Matthew Harpster is a Marie Curie Fellow at the Centre for Byzantine, Ottoman and Modern Greek Studies at the University of Birmingham, having worked and studied in the US, Cyprus, Turkey and the UK. In particular, between 2006 and 2013 he was based at the Eastern Mediterranean University in northern Cyprus, giving him access to a number of sites off the beaten track. Matthew’s training and experience has mainly been in marine archaeology and he is currently working on a new interpretation of Mediterranean shipping on the basis of shipwreck evidence. This work was prompted by the unique political and legal environment of northern Cyprus.
In addition to his participation in coastal surveys at Siraf, Iran, and his project modelling the maritime landscape at Boğsak, Turkey, his current research efforts as a Marie Curie Fellow focus on the method and theory of maritime archaeology, the history of the discipline in the Mediterranean region, and promoting an alternative approach to the interpretation and modelling of maritime communities in the ancient Mediterranean.
Following the completion of his Ph.D. research on the design and construction of the 9th-century AD merchant ship lost near Bozburun, Turkey, Matthew was awarded a postdoctoral position at the Dibner Institute for the History of Science and Technology at MIT, prior to beginning as an Assistant Professor of Archaeology at Eastern Mediterranean University, in Famagusta, Cyprus, in 2006. From 2010 to 2013, he directed the Kyrenia Shipwreck Collection Restoration Program.
Between 2006 and 2013, Matthew’s life in northern Cyprus placed him in the unique position of practicing maritime archaeology within a region considered to be militarily-occupied territory by most of the international community; whereas the Republic of Cyprus in southern Cyprus is a state recognized by the United Nations, the sovereignty of the Turkish Republic of Northern Cyprus is recognized only by Turkey. While in northern Cyprus, he worked with the Nautical Archaeology Society to implement the first and only Bi-Communal training program dedicated to educating the public on the necessity of protecting the island’s maritime heritage, conducted the first international underwater surveys off the northern coastline in three decades and, working with the European Commission, the United Nations Development Program, UNESCO, ICOMOS-ICUCH, and the US Embassy, coordinated the Kyrenia Shipwreck Collection Restoration Program. This effort successfully gathered the necessary political and financial support to implement efforts to stabilize, maintain and exhibit the collection of material comprising the Kyrenia shipwreck lost off the northern coast of Cyprus in the 4th century BC, a symbol of Cyprus to the world.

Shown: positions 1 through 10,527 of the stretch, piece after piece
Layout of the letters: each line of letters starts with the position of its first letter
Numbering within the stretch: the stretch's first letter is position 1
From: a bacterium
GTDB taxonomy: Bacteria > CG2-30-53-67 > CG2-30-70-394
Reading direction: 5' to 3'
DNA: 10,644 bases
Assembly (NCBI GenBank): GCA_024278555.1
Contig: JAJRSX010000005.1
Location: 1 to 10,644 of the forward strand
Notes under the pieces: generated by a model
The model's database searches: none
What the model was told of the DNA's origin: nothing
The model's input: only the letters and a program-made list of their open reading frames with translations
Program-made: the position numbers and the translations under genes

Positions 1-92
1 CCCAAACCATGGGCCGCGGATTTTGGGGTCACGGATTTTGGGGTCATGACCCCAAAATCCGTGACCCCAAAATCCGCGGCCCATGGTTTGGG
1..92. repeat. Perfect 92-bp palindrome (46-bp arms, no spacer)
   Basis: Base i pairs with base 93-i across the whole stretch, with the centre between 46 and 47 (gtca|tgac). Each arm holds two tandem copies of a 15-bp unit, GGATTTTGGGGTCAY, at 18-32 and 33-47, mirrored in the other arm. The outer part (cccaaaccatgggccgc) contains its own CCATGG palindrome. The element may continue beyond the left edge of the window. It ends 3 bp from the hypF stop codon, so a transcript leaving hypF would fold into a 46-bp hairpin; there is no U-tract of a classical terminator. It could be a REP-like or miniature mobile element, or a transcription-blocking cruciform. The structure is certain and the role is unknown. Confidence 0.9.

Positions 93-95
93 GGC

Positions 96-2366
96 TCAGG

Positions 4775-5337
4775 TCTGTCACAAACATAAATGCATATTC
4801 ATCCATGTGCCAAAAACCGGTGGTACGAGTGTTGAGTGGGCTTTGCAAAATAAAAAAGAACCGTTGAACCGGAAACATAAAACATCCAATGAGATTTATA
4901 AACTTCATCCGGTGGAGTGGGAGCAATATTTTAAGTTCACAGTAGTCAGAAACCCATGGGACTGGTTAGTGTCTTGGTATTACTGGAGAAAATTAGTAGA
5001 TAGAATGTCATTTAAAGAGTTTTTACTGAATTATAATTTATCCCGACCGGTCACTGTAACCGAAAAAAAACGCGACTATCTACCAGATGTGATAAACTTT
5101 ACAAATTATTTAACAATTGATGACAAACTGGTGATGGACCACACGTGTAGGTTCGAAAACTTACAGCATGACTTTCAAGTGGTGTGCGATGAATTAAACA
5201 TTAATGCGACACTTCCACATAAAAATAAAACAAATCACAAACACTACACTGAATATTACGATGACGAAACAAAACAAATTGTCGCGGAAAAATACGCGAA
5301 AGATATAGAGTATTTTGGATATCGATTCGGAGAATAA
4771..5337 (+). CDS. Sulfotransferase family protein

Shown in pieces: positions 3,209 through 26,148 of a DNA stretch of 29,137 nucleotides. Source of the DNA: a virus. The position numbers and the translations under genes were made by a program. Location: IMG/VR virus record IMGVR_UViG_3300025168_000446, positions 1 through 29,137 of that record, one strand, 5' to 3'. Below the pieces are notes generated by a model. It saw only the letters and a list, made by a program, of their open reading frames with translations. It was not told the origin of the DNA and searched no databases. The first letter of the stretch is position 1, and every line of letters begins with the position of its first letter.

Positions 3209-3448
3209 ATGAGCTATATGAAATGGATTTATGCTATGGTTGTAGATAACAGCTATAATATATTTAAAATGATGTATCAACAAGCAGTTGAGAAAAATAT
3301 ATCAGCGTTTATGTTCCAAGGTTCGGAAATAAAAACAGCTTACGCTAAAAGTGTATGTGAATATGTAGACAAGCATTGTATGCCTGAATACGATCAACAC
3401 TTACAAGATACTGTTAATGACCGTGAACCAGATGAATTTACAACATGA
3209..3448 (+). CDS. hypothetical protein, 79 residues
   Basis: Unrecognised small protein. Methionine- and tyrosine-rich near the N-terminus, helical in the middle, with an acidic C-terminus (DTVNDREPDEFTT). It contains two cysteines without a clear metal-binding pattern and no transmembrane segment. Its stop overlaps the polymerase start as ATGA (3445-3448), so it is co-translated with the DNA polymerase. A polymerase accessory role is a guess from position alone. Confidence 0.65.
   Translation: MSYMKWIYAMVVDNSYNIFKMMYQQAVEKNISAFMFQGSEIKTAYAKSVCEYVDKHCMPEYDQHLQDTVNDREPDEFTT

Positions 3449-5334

The whole archive of images from Matthew’s research and field work can be reached here.
Images are made available under a Creative Commons licence permitting non-commercial, no derivatives reproduction with attribution. The attribution is:
Image [unique Flickr identifier and name of site], by Matthew Harpster, digitised by the Birmingham East Mediterranean Archive, Creative Commons 3.0.
The unique Flickr identifier can be found at the end of the URL of the appropriate image, for example:
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